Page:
A paradise for cool season adventurers

Phu Hin Rong Kla national park, which straddles the boundaries of Phitsanulok, Phetchabun and Loei provinces, offers pleasant walks and sweeping views from its sheer cliffs


With the arrival of the cool season and the passing of the rains, adventurous types in Thailand are poring over maps in search of interesting destinations to explore.

National parks scattered all over the country offer a restful environment in which to recuperate from the stress of making a living in the city. Some of these are well-known, such as Khao Yai, Erawan and Doi Inthanon, attracting busloads of visitors each day. Others are less-accessible and therefore less-known, though equally intriguing.

An example of the latter group is Phu Hin Rong Kla National Park, which straddles the boundaries of Phitsanulok, Phetchabun and Loei provinces in the North. A former stronghold of communist rebels, the picturesque mountain plateau has pleasant walks and sweeping views from its sheer cliffs.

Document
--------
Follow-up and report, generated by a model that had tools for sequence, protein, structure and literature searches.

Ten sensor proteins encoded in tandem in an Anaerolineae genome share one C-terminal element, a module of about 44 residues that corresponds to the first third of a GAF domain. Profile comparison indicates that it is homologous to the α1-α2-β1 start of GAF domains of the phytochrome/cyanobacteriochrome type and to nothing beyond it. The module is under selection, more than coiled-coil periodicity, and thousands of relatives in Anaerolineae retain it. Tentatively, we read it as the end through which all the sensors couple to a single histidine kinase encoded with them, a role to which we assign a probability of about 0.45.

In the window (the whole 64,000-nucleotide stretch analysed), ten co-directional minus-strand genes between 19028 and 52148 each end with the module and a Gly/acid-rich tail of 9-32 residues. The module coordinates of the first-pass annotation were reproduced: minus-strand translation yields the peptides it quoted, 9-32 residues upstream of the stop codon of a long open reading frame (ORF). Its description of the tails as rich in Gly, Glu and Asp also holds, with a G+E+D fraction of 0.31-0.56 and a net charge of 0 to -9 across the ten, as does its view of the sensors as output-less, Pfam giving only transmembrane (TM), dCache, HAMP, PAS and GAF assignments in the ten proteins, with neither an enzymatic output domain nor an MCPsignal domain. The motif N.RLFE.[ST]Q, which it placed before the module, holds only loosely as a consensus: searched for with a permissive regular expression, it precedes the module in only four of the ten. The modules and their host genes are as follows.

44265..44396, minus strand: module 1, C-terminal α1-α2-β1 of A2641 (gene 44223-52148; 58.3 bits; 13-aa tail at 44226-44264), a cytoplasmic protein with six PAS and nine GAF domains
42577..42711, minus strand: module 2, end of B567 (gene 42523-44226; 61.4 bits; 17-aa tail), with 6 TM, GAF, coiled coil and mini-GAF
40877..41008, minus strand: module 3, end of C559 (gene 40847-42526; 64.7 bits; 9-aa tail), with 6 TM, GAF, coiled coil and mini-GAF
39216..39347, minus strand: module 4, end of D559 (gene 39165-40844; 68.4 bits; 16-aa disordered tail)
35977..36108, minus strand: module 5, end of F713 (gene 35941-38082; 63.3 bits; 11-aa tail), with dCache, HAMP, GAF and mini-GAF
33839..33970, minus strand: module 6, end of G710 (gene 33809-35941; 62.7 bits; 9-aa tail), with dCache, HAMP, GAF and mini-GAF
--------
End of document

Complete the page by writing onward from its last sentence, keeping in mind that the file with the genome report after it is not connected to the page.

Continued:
Phu Hin Rong Kla nature reserve park thailand

As little as 50 years ago, the mountain was virtually uninhabited, covered in dense forest and far from any roads. Then groups of Hmong hill tribe people arrived, clearing areas of forest to plant opium. When the local authorities learned of this, arrests of Hmong farmers began, causing considerable animosity between the highland and lowland dwellers.

By the mid-1960s, the Communist Party of Thailand (CPT) also had a strong presence in the area, supported by their Laotian brothers across the border. The CPT sprang to the defence of the Hmong farmers and established a base at the top of Phu Hin Rong Kla. This was a time of growth for the CPT, as students and farmers alike saw in it a preferable alternative to the military that controlled the country.

In the early 1970s, the government stepped up its campaign to eradicate the communist threat, but despite the deployment of the army, air force, national guard and civilian units, the stronghold atop Phu Hin Rong Kla proved impenetrable.